Unfinished Project: 1964 Austin Healey BJ-7

This 1964 Austin Healey appears to be a project that has stalled following some interesting modifications, and now it is looking for someone to either finish what has been started or to undertake a full restoration. You will find it listed for sale here on eBay. Located in Wylie, Texas,  it is listed with a clear title. The seller has set a BIN price of $16,800, but the option is available to submit an offer.

The previous owner of this Healey had owned it since 1974, and it had always been garage-kept. I assume that it was that person that started this project. They have stripped the body and given it a coat of primer, but haven’t undertaken any remedial bodywork. There are a number of dents and dings that will need to be addressed to whip the body into shape before a fresh coat of color can be applied.

The underside of this little Healey looks to be quite solid. What does catch my eye is the fact that the car no longer sports a live rear axle and leaf springs, but is now sitting on an independent Jaguar rear end. If this has been engineered correctly then the car should ride and handle significantly better. This is one aspect that I would definitely be investigating thoroughly to ensure that the workmanship is sound. There is also some tidying-up to be done with items such as pipes and wiring. I would also be investigating items such as brake proportioning valves, as the inboard Jag discs are going to provide significantly more stopping power than the original drums. Get this wrong and the effect will be similar to applying the emergency brake every time you press the middle pedal.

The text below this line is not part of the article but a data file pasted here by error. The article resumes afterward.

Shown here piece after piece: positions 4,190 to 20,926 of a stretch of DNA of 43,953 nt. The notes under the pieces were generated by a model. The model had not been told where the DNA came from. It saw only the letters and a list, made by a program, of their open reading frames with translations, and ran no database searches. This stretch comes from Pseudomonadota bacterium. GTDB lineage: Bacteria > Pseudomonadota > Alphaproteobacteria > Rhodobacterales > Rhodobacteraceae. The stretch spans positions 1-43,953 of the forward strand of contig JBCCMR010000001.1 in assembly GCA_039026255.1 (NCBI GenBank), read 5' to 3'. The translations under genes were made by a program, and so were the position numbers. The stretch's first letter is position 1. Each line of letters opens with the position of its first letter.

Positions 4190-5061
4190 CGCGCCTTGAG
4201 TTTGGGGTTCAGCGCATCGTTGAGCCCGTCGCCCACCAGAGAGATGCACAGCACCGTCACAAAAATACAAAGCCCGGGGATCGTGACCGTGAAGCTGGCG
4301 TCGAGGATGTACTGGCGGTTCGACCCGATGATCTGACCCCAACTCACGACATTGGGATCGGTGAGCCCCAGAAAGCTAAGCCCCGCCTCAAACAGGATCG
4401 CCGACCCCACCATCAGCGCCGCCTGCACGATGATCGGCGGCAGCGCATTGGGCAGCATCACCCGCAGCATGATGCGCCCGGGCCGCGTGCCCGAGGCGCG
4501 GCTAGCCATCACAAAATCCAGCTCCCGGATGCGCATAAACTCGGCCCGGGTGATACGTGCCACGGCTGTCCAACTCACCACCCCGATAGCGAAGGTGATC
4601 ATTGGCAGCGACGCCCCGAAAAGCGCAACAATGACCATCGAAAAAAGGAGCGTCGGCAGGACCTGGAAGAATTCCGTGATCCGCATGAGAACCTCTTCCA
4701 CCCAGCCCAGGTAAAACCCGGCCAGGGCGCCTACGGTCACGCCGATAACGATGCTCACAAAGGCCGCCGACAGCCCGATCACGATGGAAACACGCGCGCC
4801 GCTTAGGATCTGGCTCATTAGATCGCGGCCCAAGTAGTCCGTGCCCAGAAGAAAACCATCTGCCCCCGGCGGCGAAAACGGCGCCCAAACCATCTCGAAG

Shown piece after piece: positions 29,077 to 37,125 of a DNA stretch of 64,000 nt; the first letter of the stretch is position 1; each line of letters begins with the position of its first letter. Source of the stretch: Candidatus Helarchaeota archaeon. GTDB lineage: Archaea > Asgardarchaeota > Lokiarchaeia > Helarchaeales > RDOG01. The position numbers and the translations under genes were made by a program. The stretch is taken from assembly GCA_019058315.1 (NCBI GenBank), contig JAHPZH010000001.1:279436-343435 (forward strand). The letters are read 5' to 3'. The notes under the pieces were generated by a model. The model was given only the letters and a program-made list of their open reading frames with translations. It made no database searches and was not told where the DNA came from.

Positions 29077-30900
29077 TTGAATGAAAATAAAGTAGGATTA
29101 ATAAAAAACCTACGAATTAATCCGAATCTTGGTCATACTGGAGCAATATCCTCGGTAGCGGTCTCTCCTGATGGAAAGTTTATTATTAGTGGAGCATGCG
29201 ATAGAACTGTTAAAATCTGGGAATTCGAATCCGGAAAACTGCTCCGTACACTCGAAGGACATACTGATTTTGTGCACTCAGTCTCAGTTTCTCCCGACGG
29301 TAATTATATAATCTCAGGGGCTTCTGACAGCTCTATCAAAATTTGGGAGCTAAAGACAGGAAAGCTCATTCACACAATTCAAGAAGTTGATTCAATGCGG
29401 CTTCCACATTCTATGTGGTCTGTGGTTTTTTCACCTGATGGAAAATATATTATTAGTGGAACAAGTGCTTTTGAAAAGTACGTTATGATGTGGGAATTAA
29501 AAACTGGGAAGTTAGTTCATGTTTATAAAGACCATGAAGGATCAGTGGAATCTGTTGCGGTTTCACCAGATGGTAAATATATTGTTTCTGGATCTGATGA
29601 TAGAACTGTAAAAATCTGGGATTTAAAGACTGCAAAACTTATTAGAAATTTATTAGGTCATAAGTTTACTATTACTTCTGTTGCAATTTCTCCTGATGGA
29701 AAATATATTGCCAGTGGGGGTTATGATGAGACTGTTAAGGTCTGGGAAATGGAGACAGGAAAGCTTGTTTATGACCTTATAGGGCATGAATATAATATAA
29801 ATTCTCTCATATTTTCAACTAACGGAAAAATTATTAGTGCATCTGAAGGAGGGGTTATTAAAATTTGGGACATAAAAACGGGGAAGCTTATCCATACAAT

This shot had me a bit confused to start with. It appears that the person undertaking the modifications to the Healey have welded up the rear seat recesses to make the car into a true 2-seater. Regardless of this, the entire interior will require restoration, and the soft-top will also require replacement. The list for this is going to be long, and the prices certainly aren’t for the faint-hearted. I have undertaken a bit of a search for new replacement parts in the US, and I must say that they are interesting, to say the least.